There’s one more reason that I think building from scratch can be a better option than remodeling. That has to do with expense, funny enough. Depending on your personal skill set and the area of the country that you live, it may in fact be less expensive to build from scratch. A lot of remodel jobs with great potential may have already been done where you live. Seattle is a great example of this. There are lots of adorable bungalows in this city, and most of them have been purchased and fixed up already. There’s not a whole lot of work left to be done on them and their cost reflects that. Granted, in an urban setting like this, there’s also a lack of available building lots, so bear with me on this. I do realize this. But there are places where you can actually build from scratch for far less money than it would cost to buy a fixer upper. As in most things, individual circumstances will dictate particulars, but this is just food for thought and part of why, for our circumstances, building is often a more sensible option than remodeling.
I do hope and intend, though, that our buildings will stand the test of time and will be homes that many decades from now would be well worth remodeling to someone, should they ever fall into disrepair, which I hope they do not! That, however, is the very finest compliment a builder, designer or someone otherwise involved in building could ever receive. If this sensation remains primary in the minds of people anywhere who are undertaking a building project, I don’t think there’s much cause to feel guilty about starting from scratch.
We live in an area right now that is sort of an old beach town currently undergoing a resurgence in popularity as the children who grew up playing here in the summers are now of an age to bring their own kids down for the summers to repeat history. Rusty old cabins in various stages of dereliction or upkeep are being reinhabited, torn down, renovated – the works. In this process, we’ve seen 600 square foot beach cabins torn down and replaced by newer, much larger homes as well as vacant lots purchased with modern sized homes (some of which can be very very large in comparison with the old beach cottages) built right next to old places. The resulting juxtaposition of a large, modern home next to a 60’s cabin can be a little curious.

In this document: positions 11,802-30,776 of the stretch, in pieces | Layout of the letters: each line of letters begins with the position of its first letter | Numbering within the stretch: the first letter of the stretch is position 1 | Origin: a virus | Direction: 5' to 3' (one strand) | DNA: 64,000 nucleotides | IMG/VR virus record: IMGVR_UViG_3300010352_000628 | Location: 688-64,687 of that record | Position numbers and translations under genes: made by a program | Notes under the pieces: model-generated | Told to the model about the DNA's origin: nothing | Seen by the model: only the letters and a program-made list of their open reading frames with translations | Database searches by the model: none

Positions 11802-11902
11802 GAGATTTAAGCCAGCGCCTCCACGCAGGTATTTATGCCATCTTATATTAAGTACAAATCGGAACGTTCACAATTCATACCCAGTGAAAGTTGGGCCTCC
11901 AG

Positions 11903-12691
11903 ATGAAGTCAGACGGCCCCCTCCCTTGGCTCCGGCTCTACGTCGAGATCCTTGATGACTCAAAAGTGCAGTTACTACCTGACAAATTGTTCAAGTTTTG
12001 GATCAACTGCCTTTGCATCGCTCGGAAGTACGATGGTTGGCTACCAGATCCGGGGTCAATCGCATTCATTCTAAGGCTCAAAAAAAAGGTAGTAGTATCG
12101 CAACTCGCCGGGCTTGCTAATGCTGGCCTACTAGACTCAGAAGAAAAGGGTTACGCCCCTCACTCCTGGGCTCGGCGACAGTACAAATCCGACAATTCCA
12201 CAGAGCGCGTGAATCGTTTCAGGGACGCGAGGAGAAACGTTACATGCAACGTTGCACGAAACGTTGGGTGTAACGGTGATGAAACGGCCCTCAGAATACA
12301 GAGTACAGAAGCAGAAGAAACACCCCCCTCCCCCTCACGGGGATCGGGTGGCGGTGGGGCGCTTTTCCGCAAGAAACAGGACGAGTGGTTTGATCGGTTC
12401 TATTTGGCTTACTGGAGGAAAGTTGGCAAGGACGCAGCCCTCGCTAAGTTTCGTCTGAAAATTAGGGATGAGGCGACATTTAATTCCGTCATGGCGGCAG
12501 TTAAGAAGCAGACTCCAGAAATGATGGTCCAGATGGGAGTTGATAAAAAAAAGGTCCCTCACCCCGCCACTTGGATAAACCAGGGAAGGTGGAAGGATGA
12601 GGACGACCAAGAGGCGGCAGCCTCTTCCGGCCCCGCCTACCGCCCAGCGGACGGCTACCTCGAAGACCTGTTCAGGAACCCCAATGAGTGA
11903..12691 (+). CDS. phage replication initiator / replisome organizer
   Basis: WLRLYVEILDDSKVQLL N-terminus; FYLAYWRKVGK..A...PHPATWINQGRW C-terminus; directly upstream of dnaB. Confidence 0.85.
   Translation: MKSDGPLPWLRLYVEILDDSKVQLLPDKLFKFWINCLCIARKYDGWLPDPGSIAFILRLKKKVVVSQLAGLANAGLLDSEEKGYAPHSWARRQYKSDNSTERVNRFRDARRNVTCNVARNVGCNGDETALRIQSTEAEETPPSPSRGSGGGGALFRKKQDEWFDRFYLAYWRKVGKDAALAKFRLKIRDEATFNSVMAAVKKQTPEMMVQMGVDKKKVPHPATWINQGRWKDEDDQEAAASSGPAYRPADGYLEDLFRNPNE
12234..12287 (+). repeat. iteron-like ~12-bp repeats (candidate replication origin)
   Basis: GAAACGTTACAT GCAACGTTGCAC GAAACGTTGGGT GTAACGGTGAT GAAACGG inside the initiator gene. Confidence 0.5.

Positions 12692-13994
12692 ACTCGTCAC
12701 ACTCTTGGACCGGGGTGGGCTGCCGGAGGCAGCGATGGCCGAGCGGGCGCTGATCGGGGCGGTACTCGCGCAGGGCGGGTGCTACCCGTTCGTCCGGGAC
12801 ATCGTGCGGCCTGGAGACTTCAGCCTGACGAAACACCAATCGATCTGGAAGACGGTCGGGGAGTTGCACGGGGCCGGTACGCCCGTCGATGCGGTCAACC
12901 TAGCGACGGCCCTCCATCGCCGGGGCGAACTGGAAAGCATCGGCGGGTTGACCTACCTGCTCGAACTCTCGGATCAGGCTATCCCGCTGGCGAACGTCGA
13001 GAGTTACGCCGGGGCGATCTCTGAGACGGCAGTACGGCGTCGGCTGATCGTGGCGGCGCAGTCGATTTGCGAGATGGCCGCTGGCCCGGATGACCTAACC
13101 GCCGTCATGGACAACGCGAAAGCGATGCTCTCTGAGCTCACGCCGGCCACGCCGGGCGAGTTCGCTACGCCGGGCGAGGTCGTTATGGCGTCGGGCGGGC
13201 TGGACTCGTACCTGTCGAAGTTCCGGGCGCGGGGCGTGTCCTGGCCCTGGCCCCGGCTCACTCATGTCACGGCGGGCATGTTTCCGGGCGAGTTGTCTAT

What urges me to mention this is not so much to make a judgment, exactly, of any kind. It’s merely to note that it is not frequently (if ever) mentioned in lot or land covenants, that homes built in the area must not exceed certain square footages. Yet, property values (as well as the character of neighborhoods) are affected when a huge (or even just a large) home is built next to a small home that has been around for a long time, regardless of the home’s condition. The building of large homes can also damage property values, but this fact doesn’t seem to be noted with the same fervor that the opposite does.This past weekend we took a trip to look at some properties for sale in an area that we were considering moving to. The process of trying to imagine where to site a house, orchards, the garden and other things was enjoyable, though none of the land turned out to be suited to our needs or our budgets, quite. One thing that was thought provoking, though, was our examination at the end of the day of some paperwork relating to one of the properties we had looked at. Looking through the covenants relating to the set of acreages (these properties turned out to be “developments” in the loosest sense of the term. They weren’t gated communities and didn’t have matching houses, but the original division of land into acreages had details that went along with them, cc and r’s I guess is how you’d describe these restrictions). Among them was an architectural provision that insisted that all homes built in the area would be no less than 1200 square feet. I voiced some surprise at this limitation and the realtor was quick to point out that the thinking behind that provision was to protect property values in the area. That was fine with me, in particular since we weren’t going to be buying the property anyway (especially after seeing that provision!). But as with many things, the idea stuck in my mind and I’ve been thinking about it ever since the weekend.
I’m only musing in this blog entry, and I should wrap things up, as one person’s musings can become awfully tedious after the second paragraph! Let me just conclude that it has often been noted that the cultures of “the west,” in particular the US, is very individualistic in its focus, outlook, character, etc. But in many ways, we are a very homogenized culture. There is a tendency to only see in one direction, and that direction is generally to follow the way that the herd is going. It would appear that homes beneath 1200 square feet are sometimes regarded as a drag on property value, which is rather interesting since only a short time ago that very size was considered suitably large. Apparently we can’t really imagine a neighborhood of mixed sized homes that would individually suit the needs of the families they are supporting, be they retired couples, young families, multi-family homes, or single people. Perhaps this is a function resulting from the tendency of people to move frequently for their work, rather than to settle into places for the long haul. In any case, it will be interesting to see how the wider effects play out as we continue to follow the trend toward smaller, more human scaled and generally more efficient housing. That trend is here to stay, for certain, and I wonder if someday folks will be wandering a five acre lot somewhere only to find covenants restricting the building of homes over 1200 square feet.